vided with the subject invention approaching a landing
surface of a ship deck or the like which has a grid struc
ture positioned thereon.
FIG. 2 is a schematic illustration of an aircraft land
shank 13 which is securely fastened by threads, welding
or other suitable means in a socket member 14 which is
pivotally connected to aforementioned bracket 11 by
a pivot pin 16.
Referring now to FIG. 5, while many arrangements
may be employed for eifecting retraction of the anchor
ing device from its depending condition to its retracted
position for ?ight, desirably retraction of the same is
pilot controlled. In the embodiment illustrated means
10 for etfecting retraction of the anchor comprises a recipro
cably slidable rod 20 which is supported in one or more
brackets 21 fastened by bolts 22 to the aircraft for slid
ing movement relative to the undersurface thereof.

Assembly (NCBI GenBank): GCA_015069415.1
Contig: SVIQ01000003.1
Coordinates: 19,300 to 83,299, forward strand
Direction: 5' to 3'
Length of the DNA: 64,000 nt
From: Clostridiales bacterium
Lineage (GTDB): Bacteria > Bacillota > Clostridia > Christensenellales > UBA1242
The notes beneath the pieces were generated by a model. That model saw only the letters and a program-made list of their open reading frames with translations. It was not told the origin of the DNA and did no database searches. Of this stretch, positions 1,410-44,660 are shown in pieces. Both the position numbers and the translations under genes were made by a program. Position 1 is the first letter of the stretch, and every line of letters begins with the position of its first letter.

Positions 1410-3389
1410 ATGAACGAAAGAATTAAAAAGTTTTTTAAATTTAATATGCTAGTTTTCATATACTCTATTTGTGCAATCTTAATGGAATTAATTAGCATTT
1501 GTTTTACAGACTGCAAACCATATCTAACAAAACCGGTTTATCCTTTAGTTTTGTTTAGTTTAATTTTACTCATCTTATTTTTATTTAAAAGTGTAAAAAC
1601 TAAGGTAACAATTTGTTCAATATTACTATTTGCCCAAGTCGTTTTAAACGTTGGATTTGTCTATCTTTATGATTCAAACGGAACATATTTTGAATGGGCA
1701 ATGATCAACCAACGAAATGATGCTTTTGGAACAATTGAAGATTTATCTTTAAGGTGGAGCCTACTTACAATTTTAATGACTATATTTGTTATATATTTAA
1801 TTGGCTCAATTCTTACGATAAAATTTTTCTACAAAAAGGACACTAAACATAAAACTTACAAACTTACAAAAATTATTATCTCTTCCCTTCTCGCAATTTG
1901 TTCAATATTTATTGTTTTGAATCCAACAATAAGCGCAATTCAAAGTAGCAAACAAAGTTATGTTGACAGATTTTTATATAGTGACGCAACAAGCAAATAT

anchoring device of this invention.
Movement of rod 20 in one of two predetermined direc
FIG. 4 is a view similar to FIG. 3 showing the anchor
device locked in engagement with the grid of a landing 15 tions to effect retraction of the anchoring device or to
move the anchoring device to its depending position may
surface.
be effected in any suitable manner. For example, manual
FIG. 5 is an elevational view of the subject anchoring
operation thereof may be effected by the pilot or, alterna
device taken in a plane rotated 90° relative to FIGS. 3
ing sequence.
FIG. 3 is a partial cut away elevational view of the
and 4 and illustrating the ?ight retraction mechanism
thereof and further illustrating means for maintaining the
actuating member of the anchoring device in one of two
predetermined positions.
FIG. 6 is a horizontal sectional view through the
anchoring device taken in the plane of line 6-6 of
FIG. 4.
'
tively and more suitably, hydraulic mechanism may be
employed.
Interposed between the end 23 of rod 20 and a boss
24 provided on aforementioned socket 14 is a rigid link
member 26. Such link is pivotally connected to socket
14 at its one end by a pivot pin 27 and at its opposite
25 end to rod end 23 by another pivot pin 28.
From the foregoing, it should be understood that upon
movement of rod 20 from the solid line position to the